Wednesday, September 12, 2007

Thank-You, Library of Congress

The AHA blog made note of this report from the Library of Congress. Here's what we have to thank the LoC for:

Providing care to more than 2.6 million endangered special collection items, with emphasis on the Library's most significant holdings.

Surveying a total of 197,227 rare and fragile items so they could be stabilized by treatment or rehousing for access, digitization, exhibition, and relocation to off-site storage.

Housing 2,379,643 items, including the preparation of 14,078 protective boxes; and the cleaning and housing of 15,397 discs, film and magnetic media.

Rehousing 2,263,059 photographs and 86,696 paper-based items, as well as 418 miscellaneous items.

Treating 16,449 items from 12 curatorial divisions, including 14,265 paper documents, 784 books, 944 photographs and 506 other format materials.

Preservation microfilming of 3.3 million exposures (5.8 million pages).

Deacidifying 298,826 books and 1,069,500 document sheets as part of its Thirty Year (One Generation) Mass Deacidification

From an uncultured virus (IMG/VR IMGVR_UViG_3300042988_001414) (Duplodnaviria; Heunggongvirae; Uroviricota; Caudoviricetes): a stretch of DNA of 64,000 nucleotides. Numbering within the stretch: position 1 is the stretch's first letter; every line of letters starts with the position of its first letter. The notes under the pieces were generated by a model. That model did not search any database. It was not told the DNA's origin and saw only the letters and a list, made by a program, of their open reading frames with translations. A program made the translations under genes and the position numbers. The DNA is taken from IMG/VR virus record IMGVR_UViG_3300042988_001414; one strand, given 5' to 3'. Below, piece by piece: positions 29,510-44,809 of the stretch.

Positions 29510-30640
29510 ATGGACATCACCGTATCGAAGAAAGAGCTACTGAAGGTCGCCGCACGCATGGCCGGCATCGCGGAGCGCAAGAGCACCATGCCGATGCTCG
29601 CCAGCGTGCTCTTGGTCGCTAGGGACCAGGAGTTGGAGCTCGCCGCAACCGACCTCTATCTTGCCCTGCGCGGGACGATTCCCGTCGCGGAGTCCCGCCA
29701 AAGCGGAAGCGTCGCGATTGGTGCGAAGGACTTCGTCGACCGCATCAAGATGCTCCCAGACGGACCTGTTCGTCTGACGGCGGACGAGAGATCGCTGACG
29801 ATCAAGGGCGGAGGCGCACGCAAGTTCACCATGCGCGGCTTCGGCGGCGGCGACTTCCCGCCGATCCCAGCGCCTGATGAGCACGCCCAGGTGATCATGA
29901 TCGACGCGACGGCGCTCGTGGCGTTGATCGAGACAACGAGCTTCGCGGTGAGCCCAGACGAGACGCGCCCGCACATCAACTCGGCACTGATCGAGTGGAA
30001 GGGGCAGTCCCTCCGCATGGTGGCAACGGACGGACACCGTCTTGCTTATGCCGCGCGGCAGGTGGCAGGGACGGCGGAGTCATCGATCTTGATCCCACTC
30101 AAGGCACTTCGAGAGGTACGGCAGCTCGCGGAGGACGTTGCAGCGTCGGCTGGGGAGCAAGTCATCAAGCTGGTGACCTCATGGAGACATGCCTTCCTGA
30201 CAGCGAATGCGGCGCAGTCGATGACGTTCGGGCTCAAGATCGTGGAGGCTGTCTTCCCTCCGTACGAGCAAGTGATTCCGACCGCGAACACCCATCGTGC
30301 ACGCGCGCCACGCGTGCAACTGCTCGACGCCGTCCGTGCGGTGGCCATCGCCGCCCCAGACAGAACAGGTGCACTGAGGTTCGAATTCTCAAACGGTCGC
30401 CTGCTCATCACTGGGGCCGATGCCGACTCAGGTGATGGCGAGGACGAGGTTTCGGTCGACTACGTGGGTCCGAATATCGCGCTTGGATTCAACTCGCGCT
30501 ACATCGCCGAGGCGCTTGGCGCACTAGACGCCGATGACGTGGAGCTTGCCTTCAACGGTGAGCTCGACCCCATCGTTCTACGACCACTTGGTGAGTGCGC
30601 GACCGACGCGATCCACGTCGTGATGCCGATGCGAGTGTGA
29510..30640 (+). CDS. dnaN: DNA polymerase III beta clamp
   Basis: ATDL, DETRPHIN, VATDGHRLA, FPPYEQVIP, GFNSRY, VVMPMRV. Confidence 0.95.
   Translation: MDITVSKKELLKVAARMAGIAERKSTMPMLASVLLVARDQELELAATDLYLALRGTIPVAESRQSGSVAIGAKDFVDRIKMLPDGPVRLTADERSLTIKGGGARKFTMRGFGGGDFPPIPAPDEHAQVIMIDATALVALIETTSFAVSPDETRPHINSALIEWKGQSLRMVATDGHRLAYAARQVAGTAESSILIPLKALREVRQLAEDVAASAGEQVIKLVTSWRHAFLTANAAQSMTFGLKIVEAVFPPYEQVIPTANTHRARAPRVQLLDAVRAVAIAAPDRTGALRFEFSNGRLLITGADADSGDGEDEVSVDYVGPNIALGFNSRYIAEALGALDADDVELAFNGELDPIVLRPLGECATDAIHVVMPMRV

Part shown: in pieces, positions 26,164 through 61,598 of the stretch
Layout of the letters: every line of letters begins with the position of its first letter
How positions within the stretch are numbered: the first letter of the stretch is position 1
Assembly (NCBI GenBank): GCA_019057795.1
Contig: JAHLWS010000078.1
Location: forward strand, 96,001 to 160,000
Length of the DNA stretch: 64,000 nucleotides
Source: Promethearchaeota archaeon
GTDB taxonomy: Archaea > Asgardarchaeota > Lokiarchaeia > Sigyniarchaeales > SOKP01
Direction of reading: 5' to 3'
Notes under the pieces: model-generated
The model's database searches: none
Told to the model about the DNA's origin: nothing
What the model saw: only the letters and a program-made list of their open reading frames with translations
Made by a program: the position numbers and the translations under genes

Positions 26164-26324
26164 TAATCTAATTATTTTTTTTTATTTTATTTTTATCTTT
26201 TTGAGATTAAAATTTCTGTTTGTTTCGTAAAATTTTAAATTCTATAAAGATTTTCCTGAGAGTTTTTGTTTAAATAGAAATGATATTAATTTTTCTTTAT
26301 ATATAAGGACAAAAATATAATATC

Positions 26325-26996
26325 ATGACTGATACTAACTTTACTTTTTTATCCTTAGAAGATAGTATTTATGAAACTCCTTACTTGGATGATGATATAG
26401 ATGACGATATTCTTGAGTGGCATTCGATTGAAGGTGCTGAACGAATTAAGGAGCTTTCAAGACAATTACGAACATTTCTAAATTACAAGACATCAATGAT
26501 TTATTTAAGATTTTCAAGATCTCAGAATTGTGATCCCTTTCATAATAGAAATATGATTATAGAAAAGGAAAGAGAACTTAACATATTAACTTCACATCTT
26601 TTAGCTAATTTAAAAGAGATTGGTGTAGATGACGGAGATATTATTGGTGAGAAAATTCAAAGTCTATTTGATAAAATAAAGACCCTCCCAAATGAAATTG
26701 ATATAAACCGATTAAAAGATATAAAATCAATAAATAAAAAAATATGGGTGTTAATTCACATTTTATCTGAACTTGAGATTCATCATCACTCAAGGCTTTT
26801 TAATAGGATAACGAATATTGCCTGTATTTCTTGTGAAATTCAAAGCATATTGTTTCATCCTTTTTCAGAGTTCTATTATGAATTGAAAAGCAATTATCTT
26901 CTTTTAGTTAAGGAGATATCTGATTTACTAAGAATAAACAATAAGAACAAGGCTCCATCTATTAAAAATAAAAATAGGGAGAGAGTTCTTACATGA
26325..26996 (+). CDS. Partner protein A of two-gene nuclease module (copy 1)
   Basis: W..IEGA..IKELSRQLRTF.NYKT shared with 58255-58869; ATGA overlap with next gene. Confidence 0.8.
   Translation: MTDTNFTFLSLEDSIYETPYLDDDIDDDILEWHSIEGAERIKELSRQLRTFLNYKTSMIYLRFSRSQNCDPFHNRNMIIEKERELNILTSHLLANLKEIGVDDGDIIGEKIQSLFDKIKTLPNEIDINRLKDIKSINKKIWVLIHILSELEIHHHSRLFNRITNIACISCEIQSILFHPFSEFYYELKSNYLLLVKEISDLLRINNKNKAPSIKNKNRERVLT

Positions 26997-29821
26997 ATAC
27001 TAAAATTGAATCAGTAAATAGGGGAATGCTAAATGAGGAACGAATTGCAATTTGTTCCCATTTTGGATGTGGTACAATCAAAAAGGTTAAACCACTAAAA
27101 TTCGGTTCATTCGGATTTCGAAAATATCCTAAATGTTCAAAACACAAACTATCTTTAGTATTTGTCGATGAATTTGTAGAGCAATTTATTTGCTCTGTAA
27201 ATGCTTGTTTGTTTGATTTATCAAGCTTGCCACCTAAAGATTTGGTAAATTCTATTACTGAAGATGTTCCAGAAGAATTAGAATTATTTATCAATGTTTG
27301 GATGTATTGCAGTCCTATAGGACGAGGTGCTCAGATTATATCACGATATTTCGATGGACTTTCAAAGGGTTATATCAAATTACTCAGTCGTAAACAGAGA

Plan to stabilize more than 8.5 million general collection books and at least 30 million pages of manuscripts.

Initiating a new five-year contract for deacidification services that will save 1,250,000 books and more than 5 million sheets of original manuscript materials.

Using a single-sheet treatment cylinder onsite at the Library to deacidify 4,000 pages per day of non-book, paper-based materials that were too valuable to be transported to the mass deacidification vendor plant near Pittsburgh, Pa.

Collaborative Projects

Maps. In collaboration with the National Institute for Standards and Technology (NIST) and the Alcoa Foundation, the Preservation Directorate and the Geography and Map Division started the process of creating a permanent, oxygen-free housing for the 16th-century Waldseemüeller Map that depicts the name "America" for the first time in the Western Hemisphere. The map will be displayed in its new housing in 2007.
Sound recordings. The Library is working with the Lawrence Berkeley National Laboratory to convert the analog information on long-playing records (LPs) to digital audio files in a project known as IRENE (Image, Reconstruct, Erase Noise, Etc.).

Newspapers. Building on the successful U.S. Newspaper Program, which microfilmed more than 72 million endangered newspaper pages over a 23-year period, the Library of Congress and National Endowment for the Humanities established the
National Digital Newspaper Program in 2005. Under this program, six institutions were awarded more than $1.9 million in grants to develop an Internet-based, searchable database of U.S. newspapers now in the public domain.


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